Save 20% On Your First Autoship Order

Online since 2002 |   866-316-0162

Frequently Asked Questions

Frequently Asked Questions On Hydrocolloid Dressings

Hydrocolloid dressing is among the most widely used contemporary dressing. It contains gel-forming agents like sodium carboxymethylcellulose and gelatin. This is combined with elastomers and adhesives and when applied to a carrier – generally polyurethane foam or film – it forms an absorbent, self-adhesive waterproof wafer.

There does not seem to be any pronounced side-effect of a hydrocolloid dressing. There is no noted association of the dressing with allergic contact dermatitis. But, some of these dressings contain the pentaerythritol ester of hydrogenated rosin and this has the sensitizing potential of colophony.

A hydrocolloid dressing is a wafer-type dressing comprised of an adhesive compound filled with a gel-forming agent. It is similar to an absorbent, flexible wafer that has the quality of being waterproof and self-adhering. As the dressing is self-adherent, it offers complete protection to the wound bed. It provides a sufficient moist healing environment, an auto debridement process and acts as insulation to the wound bed. Hydrocolloid dressing is a biodegradable and non-breathable dressing. It adheres to the skin therefore no separate taping is required. It appears dense or translucent.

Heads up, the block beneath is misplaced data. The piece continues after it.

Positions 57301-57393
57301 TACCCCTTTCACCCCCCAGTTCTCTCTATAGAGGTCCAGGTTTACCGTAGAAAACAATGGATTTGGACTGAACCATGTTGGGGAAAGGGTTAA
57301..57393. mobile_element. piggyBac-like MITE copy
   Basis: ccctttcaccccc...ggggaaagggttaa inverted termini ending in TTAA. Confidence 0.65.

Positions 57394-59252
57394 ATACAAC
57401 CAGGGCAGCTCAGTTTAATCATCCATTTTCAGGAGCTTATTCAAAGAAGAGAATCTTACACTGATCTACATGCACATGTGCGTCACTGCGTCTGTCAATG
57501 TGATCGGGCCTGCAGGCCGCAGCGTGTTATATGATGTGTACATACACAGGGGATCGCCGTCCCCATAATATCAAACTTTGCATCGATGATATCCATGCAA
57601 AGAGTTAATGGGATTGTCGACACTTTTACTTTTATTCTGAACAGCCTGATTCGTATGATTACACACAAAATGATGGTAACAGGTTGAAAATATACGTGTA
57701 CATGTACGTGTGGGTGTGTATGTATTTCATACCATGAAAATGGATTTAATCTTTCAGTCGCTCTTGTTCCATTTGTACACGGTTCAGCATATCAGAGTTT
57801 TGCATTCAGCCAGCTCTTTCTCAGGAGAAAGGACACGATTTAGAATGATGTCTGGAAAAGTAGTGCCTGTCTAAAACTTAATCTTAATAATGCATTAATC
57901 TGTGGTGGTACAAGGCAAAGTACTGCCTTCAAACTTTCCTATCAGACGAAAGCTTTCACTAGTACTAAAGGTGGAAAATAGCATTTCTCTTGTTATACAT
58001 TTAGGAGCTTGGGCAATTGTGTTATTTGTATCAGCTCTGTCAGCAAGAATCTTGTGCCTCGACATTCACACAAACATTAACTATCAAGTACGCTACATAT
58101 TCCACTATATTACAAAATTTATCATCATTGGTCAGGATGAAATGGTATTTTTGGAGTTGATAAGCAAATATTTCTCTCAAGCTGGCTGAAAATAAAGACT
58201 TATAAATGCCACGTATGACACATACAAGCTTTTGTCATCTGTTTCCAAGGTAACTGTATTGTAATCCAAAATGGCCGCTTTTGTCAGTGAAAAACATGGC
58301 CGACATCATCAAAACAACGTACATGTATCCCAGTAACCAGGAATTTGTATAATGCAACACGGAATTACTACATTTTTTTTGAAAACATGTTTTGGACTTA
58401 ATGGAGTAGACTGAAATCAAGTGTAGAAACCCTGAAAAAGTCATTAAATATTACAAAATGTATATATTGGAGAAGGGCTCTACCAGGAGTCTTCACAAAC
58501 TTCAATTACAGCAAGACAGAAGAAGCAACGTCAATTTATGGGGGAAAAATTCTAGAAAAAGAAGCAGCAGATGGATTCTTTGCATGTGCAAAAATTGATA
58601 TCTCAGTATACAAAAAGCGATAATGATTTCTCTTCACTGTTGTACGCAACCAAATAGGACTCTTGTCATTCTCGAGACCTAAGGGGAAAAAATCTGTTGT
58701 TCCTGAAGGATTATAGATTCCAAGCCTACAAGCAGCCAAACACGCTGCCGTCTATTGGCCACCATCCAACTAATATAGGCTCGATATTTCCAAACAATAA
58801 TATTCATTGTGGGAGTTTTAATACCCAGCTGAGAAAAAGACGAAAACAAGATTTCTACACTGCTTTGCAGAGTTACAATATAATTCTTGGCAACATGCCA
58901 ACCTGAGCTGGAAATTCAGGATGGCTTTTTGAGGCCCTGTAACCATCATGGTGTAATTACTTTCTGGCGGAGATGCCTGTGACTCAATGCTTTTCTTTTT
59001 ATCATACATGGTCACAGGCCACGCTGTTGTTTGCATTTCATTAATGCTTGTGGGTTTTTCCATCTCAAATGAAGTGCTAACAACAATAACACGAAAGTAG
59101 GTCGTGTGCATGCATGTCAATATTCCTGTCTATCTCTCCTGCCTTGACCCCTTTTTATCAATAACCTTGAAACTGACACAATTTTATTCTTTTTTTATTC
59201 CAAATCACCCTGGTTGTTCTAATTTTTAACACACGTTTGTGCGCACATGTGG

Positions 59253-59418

Hydrocolloid dressing uses the body’s own moisture and enzymes to offer a moist healing environment thus keeping the wound bed hydrated for quick healing. The dressing absorbs the wound exudate and forms a gel the properties of which are dependent on the agent present in the compound.

Hydrocolloid dressings can be used on different types of wounds. They are best on wounds that are non-infected or of partial/full thickness and possess low-to-moderate drainage. These dressings can be used under medical supervision, even in situations when aerobic infection exists. Hydrocolloid dressings can be used in the treatment of pressure ulcers. If used on eczema wounds, these dressings act as a steroid sealing ointment and provide a barrier against scratching. Hydrocolloid dressings can also be used in the treatment of minor or full-thickness burns.

Hydrocolloid dressing change frequency depends largely on the manufacturer guideline but generally, these dressings have to be changed every 3 to 7 days. They are meant for extended wear up to a week.

Hydrocolloid dressings are easy to use and have to be changed every 3 to 5 days. There is no trauma on removal. This makes it effective for cleaning, granulating, superficial wounds with low-to-medium exudate.

Details Sent Successfully

Still have a Question?

Ask here and we’ll get right back to you!

First & Last Name*
Phone Number
Email Address*
Write your question here*